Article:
If you fail to prepare, prepare to fail
Two key things to do at this stage
1. Identify and priorities your tasks. A great tool for this is the Urgent/Important Matrix which I understand originates from the Eisenhower Decision Principle by General Dwight D. Eisenhower leadership lessons that can be gleaned from the life of Dwight D. Eisenhower.
“What is important is seldom urgent and what is urgent is seldom important.”
Ask yourself: Who can do this instead of me? Who can do this better than me? Who can do this at a lower cost than me? Does this really need to be done i.e. can it be eliminated?
2. Identify and understand your team Their goals, capabilities and interests
Armed with this valuable insight you are now ready to move onto
If the job is on track, and on schedule, the person does not have to report back to you. If you don’t hear from them, you can assume that everything is going well. The individual only reports back to you when an exception occurs and there is a problem with getting the job done on time, to the agreed upon level of quality.
And presto follow the guidelines – they are well tested and remember
If something is not going the way you expected, start with the question
“What did I do, not do which caused this?”
This post comes straight from the phenomenal book by Professor Damian Hughes called How to think like Sir Alex Ferguson. My business is developing leaders who are world changers and this is one book I highly recommend for any manager (current or up and coming) Actually, this is for anybody who wants to gain more out of life
Back to the title at hand
This excerpt can be found in the chapter See Change and falls under the heading of Standing room only (not sure which page as I am reading this on kindle – I am at 24% of the book and have 13 min left in the chapter if that helps any)
“Sir Alex Ferguson was once asked: ‘If the average coach says 100 words to his players, how many words should a great coach say?‘ … ‘Ten words,’ he said. ‘Fewer if possible.‘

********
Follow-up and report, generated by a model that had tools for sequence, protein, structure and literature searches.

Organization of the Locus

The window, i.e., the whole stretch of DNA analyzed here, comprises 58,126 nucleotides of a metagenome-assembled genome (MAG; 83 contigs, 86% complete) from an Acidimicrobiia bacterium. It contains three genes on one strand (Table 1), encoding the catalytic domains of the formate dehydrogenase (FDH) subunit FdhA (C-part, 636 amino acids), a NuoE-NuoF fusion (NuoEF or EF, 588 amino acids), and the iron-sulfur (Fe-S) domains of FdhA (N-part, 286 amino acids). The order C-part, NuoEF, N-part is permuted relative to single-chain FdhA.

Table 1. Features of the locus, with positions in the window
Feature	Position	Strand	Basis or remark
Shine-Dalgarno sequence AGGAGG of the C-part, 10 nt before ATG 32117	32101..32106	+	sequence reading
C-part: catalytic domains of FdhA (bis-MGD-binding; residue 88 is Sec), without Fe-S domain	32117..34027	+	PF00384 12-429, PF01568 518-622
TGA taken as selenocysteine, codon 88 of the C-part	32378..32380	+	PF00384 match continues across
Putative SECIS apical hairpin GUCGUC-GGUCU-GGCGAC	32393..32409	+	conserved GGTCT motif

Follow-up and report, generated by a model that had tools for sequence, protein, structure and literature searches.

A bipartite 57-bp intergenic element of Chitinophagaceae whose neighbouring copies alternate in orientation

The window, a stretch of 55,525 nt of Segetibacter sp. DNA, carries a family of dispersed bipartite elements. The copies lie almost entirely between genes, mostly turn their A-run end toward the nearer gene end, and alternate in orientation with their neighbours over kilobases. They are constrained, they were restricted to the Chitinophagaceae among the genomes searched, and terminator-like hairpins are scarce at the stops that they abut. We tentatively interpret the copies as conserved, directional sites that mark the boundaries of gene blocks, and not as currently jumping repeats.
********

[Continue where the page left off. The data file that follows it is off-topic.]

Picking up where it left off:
This blew my mind, but what Professor Damian Hughes follows on with as an explanation is what really rocked my boat
“The truth is great coaches don’t spend their time talking. they spend their time watching and listening. And when they communicate, they don’t just start talking. They deliver concise, useful information, and they make the information stick‘
This stopped me in my tracks. Do I do this? I know that this is my mission and what I aspire to but do i really practice it?
What about you? Would love to hear your thoughts?
Are you a manager? Do you have people reporting in to you? If this is you, I would like to share a gift with you a gift that will keep on giving… if you take the gift and use it to its full and intended potential.
How did I come across this gift? I develop leaders who are world changers and a realisation that I had… some time back already and recently put into application is that in order to be an effective manager you first have to be an effective leader. This post is not about becoming a leader, that’s a whole other piece of work. What this post is, is my summary of a world renowned book on management. A summary which I have written down in a way that shows a process broken down into four key steps I find this easier to put into action. Each step taking no longer than one minute (okay maybe two) to read, each step taking no longer than one minute to apply :0) I ask only one thing in sharing this with you Once you have read and immersed yourself in these steps that you share this with your network I hope that in creating this summary I have done this book and its authors all the honour and respect that they deserve. THE ONE MINUTE MANAGER Ken Blachard & Spencer Johnson
“Effective Managers manage themselves and the people they work with so that both the organisation and the people profit from their presence”
In order to embody the above it is important that you care about people and about results. Always remember that the road to results is happy people